No special teachers for mentally challenged kids, parents move HC

No special teachers for mentally challenged kids, parents move HC

 The absence of special educators in government and municipal corporation schools has again come to the fore with parents of two mentally challenged students approaching the Delhi High Court, saying their children have “not learnt anything”.

Mamta and her husband Shyam Nandan sell vegetables in Katwaria Sarai in south Delhi. Their two sons – both mentally challenged to varying degrees – have studied at government and municipality-run schools for years, but have “learnt nothing” as the schools have no educators for students with special needs.

While nine-year-old Shubham, a student of class 4 at South Delhi Municipal Corporation's primary school in Katwaria Sarai, suffers 50 per cent mental retardation, Satyam, 16, is 75 per cent challenged and left school when he was in class 6 at Government Boys Senior Secondary School.

“Satyam was not learning anything in school despite being in it for years. There was no homework given to him. When we approached the school they said they cannot take care of our kids as they don't have teachers who will teach them in a way they will understand,” said Mamta.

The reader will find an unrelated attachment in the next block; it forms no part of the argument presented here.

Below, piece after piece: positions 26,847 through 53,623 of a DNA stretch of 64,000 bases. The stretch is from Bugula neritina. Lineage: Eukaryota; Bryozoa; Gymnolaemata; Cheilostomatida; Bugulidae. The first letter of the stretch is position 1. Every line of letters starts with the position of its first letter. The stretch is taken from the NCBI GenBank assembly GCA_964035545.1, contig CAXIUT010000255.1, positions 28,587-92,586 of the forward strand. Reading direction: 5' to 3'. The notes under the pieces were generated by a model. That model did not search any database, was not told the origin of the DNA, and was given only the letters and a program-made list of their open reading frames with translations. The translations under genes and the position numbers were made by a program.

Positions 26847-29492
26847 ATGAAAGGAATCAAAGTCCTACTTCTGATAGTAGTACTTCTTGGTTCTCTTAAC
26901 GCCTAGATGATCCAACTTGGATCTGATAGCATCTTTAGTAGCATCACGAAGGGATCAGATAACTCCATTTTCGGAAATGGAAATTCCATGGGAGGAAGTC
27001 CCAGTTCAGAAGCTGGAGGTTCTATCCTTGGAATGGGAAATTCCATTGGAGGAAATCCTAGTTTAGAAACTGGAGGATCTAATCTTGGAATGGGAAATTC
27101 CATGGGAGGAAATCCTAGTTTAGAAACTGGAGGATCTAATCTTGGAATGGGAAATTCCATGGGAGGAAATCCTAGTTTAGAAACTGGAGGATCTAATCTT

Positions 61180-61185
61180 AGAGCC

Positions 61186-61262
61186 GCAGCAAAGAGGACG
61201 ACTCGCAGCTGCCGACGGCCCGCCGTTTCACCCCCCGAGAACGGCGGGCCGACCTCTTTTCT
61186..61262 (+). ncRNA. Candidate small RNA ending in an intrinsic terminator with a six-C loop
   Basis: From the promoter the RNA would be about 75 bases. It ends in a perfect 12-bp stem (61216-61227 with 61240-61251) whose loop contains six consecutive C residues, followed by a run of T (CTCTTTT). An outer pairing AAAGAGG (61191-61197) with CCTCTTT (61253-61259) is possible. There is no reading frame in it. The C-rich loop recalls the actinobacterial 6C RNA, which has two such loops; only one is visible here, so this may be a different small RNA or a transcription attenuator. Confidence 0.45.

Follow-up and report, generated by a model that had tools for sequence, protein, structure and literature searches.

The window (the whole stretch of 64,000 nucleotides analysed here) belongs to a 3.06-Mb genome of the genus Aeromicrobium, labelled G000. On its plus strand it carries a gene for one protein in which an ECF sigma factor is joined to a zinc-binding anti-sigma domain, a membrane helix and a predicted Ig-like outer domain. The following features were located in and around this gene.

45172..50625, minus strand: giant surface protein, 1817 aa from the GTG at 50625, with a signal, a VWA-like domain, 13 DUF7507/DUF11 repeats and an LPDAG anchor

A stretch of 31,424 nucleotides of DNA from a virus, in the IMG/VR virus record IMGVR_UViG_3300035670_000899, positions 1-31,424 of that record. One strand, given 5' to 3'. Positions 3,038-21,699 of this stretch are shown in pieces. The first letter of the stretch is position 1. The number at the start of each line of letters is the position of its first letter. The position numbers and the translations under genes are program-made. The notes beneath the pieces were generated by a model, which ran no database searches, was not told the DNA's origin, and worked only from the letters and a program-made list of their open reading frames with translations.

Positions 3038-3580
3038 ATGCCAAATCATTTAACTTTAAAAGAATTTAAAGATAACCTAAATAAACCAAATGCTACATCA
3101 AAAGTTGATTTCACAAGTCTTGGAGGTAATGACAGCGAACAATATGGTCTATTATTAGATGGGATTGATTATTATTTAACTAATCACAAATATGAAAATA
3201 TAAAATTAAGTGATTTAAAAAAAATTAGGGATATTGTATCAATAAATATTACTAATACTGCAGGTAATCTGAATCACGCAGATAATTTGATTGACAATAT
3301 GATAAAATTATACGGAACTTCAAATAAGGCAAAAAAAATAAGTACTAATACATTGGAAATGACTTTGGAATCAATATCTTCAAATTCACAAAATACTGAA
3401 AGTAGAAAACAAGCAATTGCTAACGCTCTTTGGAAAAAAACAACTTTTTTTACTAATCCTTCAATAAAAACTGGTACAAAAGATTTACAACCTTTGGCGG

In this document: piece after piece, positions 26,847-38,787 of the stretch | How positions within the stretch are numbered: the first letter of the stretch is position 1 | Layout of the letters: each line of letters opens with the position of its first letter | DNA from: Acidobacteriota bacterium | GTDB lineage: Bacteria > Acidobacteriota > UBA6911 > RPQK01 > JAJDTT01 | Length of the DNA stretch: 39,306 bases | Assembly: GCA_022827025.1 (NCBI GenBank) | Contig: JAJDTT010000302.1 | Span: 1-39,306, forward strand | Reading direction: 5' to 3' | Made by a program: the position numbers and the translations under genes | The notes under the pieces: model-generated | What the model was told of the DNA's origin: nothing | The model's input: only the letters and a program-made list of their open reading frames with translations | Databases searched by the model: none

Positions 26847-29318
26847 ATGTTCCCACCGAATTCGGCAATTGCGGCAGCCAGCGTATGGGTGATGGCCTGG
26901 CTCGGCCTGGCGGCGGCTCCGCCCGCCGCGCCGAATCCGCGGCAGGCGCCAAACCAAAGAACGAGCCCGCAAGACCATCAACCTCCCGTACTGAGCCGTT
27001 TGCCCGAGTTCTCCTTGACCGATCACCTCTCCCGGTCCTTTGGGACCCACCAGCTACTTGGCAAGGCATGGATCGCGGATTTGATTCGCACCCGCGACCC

According to official figures, around 20,000 children with disabilities are enrolled in the 1,000 state government schools and 1,800 municipal schools in Delhi. A 2009 Delhi High Court order directed the government and the municipal authorities to appoint at least two special educators in each of their schools.

Evaluation programme

Last year, the CBSE had also mandated all its affiliated schools to appoint such teachers and to create an evaluation programme for differently abled students, based on their abilities and skill sets.
However, years later, many government schools have no special educators. The SDMC has only 16 special educators for their 570 schools, East Corporation has 30 for 365 schools and North Corporation has about 35 for 720 schools. 

The parents had also approached Prime Minister Narendra Modi and
Delhi Chief Minister Arvind Kejriwal in August but got no response.

“My two sons are not accepted by any school due to their mental inability and they are treated within the society as a source of entertainment and outcasts. People in society used to shame them and make fun of them and being a hapless mother I cannot do anything,” the letter said.

It asked for names of some schools, with facilities offered by the government, which could accept them.

The parents have now approached All India Parents Association run by advocate-activist Ashok Agarwal.

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